- Boano et al., <i>Le mummie del Museo Egizio di Torino</i> (2008); Marro, <i>Scavi Italiani in Egitto</i> (1930).↑
- Boano et al. in Boano and Rabino Massa (eds.), <i>Mummie Egizie in Piemonte</i> (2012), p. 21.↑
- Piñar et al., <i>FEMS Microbiology Ecology</i> 86/2 (2013); Piñar et al., <i>Extremophiles</i> 18/4 (2014).↑
- Michaelsen et al., <i>International Biodeterioration & Biodegradation</i> 58/3 (2006).↑
- White et al., in Innis et al. (eds.), <i>PCR Protocols: A Guide to Methods and Applications</i> (1990).↑
- Piñar et al., <i>FEMS Microbiology Ecology</i> 86/2 (2013).↑
- Altschul et al., <i>Nucleic Acids Research</i> 25/17 (1997).↑
- Cheftel et al. (eds.), <i>Biochimica e tecnologia degli alimenti</i> (1999).↑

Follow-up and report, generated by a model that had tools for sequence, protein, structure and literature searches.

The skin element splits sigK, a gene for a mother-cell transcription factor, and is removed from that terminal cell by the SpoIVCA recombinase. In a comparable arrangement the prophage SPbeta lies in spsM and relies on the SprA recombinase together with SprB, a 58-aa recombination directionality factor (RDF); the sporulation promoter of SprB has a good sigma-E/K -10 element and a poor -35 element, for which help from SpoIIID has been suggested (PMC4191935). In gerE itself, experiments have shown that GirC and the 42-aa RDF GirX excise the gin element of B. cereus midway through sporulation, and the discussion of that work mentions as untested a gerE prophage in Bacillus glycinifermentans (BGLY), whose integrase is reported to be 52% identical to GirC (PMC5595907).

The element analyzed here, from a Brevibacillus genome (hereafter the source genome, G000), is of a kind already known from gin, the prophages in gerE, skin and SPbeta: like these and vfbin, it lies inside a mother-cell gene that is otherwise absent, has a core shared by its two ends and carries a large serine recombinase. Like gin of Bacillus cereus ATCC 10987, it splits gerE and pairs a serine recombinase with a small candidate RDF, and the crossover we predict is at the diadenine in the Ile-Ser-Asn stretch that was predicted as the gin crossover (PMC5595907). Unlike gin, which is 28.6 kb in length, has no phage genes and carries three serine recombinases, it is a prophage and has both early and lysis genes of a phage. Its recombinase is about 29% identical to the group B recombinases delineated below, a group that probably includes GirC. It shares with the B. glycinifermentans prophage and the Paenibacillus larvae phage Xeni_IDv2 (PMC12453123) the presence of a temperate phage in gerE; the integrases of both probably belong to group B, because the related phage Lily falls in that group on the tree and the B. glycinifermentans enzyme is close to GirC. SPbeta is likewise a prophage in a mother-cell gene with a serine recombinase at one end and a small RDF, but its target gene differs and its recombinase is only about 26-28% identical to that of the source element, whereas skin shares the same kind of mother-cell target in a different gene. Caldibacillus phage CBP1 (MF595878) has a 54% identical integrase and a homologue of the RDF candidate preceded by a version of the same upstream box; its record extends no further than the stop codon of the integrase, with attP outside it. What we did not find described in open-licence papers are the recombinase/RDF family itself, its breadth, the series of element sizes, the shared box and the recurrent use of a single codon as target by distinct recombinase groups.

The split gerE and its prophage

- FprEN 16242.↑
- EN 15803.↑
- EN 15803.↑
- Labuza, in Cho-Kyun Rha (ed.), <i>Theory, Determination and Control</i>, 1975.↑
- Labuza, in Cho-Kyun Rha (ed.), <i>Theory, Determination and Control</i>, 1975; Shin, <i>Oxygen-Free Museum Cases</i>, 1998; Samadelli et al., <i>Journal of Cultural Heritage</i> 14/6 (2013).↑
- Samadelli et al., <i>Journal of Cultural Heritage</i> 14/6 (2013).↑
- Labuza, in Cho-Kyun Rha (ed.), <i>Theory, Determination and Control</i>, 1975.↑
- Bensch et al., <i>Studies in Mycology</i> 67 (2010); Fan et al., <i>Fungal Biology</i> 119/5 (2015); Perrone et al., <i>Applied Environmental Microbiology</i> 72/1 (2006); Wang et al., <i>Canadian Journal of Microbiology</i> 49/11 (2003).↑
- Duarte et al., <i>Frontiers in Microbiology</i> 9 (2018).↑
- Dubois et al., <i>Mycopathologia</i> 160 (2005).↑
- Martín et al., <i>Meat Science</i> 62 (2002).↑
- Labuza, in Cho-Kyun Rha (ed.), <i>Theory, Determination and Control</i> (1975).↑